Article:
Recommend by Oscar (2 noms), Jandy, jeremy, joe valdez and Will

In 2006 MTV awarded Do The Right Thing the "Silver Bucket of Excellence" for a film from the past that has present-day resonance. While films about racial tension have been over played, it's clear that Do The Right Thing has film merit. Yet Spike Lee's stype, the over-acted characters and the bizarre mix of comedy and drama make this film unique as well as an easy film to love or hate.

I certainly wouldn't recommend it to a general viewer, but even as I've avoided this film, I've frequently seen and heard others reference it, so it's film value is unquestionable. My favorite actors in this ensemble where John Turturro (Pino), Ruby Dee (Mother Sister) and suprirsingly Samuel L. Jackson (Mister Señor Love Daddy).

Thursday, February 14, 2008

I Hope You Have An Angel Too

"I've got an angel
She doesn't wear any wings
She wears a heart that can melt my own
She wears a smile that can make me wanna sing

She gives me presents
With her presence alone
She gives me everything I could wish for
She gives me kisses on the lips just for coming home"

--from "Angel" by Jack Johnson off of the new album Sleep Through The Static

Wednesday, February 13, 2008

Writers Strike Over & "Creative Rest"

I mentioned 9 days ago that the writers strike would be ending soon.

Now it is officially over and writers are supposed to return to work today.

Now that the writer's strike is over...

AK, Mercurie, and Jasdye can look forward to future Office episodes.
Crackers and Cheese, Grete can anticipate a full season of Lost.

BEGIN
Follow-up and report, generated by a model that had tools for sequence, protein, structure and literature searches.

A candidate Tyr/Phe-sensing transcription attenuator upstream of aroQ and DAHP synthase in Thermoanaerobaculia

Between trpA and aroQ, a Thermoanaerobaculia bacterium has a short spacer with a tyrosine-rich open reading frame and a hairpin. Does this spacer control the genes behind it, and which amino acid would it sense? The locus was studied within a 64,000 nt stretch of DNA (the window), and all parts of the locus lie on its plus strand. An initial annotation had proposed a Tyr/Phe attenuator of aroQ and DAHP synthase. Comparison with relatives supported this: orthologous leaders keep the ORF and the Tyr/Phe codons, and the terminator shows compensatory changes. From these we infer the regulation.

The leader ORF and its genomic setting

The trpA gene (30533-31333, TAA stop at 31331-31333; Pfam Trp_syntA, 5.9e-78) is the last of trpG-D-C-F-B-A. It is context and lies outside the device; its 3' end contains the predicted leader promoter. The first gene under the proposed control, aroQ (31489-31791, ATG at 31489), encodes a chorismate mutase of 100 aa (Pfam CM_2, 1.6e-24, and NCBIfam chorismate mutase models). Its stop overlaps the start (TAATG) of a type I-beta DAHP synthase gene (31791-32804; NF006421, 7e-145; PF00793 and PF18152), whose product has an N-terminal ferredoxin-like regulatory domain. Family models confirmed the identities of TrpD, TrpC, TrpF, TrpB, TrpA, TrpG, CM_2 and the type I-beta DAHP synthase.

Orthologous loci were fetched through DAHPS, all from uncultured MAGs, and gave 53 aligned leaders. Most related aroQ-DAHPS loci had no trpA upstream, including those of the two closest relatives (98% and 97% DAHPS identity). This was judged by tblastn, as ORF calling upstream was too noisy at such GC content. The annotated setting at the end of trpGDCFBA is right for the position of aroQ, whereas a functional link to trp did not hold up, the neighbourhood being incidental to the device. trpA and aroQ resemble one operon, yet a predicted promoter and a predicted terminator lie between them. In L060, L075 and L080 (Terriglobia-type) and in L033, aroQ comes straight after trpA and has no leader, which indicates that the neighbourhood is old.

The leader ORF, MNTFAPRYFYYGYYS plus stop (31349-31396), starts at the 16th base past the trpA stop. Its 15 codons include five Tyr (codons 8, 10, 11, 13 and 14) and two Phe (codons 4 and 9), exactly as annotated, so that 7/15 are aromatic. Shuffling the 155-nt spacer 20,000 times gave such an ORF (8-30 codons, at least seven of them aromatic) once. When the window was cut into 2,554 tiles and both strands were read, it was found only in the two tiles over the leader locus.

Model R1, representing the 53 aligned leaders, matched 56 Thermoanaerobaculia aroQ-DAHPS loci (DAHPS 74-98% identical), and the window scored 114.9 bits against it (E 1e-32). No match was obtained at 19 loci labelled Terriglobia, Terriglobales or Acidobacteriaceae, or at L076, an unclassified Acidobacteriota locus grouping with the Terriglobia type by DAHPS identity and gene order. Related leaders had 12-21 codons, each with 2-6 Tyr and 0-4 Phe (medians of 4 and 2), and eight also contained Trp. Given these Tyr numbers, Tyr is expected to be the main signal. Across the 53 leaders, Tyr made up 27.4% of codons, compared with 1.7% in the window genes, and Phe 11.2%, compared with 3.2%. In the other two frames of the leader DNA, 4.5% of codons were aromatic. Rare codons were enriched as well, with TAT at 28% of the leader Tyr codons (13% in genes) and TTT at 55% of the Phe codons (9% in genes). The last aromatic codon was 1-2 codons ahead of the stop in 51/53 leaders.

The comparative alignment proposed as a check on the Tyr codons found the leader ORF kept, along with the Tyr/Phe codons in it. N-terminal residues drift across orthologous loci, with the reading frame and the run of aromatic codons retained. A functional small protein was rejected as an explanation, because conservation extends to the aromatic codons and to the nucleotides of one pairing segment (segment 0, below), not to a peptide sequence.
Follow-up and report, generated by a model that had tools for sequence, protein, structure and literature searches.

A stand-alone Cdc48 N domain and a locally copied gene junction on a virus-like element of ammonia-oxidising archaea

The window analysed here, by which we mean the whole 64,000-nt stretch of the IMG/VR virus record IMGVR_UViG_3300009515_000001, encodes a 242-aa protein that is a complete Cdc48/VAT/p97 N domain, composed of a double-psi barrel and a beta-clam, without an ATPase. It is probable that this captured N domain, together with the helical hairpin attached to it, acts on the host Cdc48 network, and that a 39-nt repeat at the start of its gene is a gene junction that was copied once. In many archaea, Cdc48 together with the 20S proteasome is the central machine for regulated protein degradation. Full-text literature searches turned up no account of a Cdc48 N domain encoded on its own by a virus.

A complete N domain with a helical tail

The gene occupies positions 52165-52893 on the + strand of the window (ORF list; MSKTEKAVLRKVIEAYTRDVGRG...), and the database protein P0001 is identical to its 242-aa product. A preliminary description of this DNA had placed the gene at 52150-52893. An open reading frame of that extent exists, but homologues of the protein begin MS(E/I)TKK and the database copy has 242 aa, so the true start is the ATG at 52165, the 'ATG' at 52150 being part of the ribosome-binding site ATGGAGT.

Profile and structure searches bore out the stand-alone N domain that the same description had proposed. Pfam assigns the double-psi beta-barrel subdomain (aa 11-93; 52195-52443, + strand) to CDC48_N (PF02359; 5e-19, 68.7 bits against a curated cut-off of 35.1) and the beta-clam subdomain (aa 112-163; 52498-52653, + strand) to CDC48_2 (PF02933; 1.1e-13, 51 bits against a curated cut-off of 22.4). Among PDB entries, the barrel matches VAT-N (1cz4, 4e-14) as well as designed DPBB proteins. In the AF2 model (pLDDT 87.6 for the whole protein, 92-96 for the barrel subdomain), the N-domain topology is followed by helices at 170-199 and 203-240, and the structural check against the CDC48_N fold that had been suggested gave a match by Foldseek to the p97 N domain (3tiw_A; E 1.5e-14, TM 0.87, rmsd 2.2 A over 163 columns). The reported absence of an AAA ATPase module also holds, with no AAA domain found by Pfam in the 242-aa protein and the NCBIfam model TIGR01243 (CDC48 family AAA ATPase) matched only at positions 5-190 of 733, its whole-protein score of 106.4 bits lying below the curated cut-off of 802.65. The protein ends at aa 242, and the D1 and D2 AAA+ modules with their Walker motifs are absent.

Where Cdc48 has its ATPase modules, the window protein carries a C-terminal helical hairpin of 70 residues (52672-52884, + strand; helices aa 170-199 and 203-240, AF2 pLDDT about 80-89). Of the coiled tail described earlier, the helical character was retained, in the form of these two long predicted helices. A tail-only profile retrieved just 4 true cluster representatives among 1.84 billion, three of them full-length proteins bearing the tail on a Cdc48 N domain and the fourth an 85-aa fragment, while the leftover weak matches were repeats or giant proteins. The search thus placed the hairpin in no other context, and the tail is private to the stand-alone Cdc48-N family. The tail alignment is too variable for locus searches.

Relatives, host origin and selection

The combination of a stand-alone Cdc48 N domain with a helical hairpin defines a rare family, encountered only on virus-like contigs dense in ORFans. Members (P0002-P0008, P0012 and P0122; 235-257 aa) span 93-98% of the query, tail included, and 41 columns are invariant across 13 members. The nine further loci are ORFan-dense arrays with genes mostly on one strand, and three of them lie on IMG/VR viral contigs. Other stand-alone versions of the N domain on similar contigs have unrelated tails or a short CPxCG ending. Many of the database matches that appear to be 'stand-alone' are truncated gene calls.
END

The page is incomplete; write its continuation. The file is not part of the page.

Jeremy can rest assured the Oscars telecast will air.
West Coast Walker can rest assured that reality TV (like American Gladiators) won't be the only thing on TV.
Mercurie and Jasdye can anticipate future episodes of 30 Rock.
Scott can relax about more anticipated films (like the Hobbit) no longer being delayed.
Amy can be hopeful about Pushing Daisies, 24, the Closer and Damages returning.

Jon posted a link that shows what shows are expected to air when: 24 in January '09, 30 Rock 5-10 episodes in April/May, The Closer starts season 4 this summer, House 4-6 episodes for April/May, 6 episodes still exist of Lost with 5 more to shoot and air in April/May, 6 episodes for the Office in April/May.

I've Had A Thought: "Creative Rest"
Obviously TV has been clearly effected the most by the writers strike, but all along I've been wondering if we'll see a pay-off to this American Writing Sabbath.

Will there be some great new projects (TV and Film) developed in the months ahead as a result of some writing down time?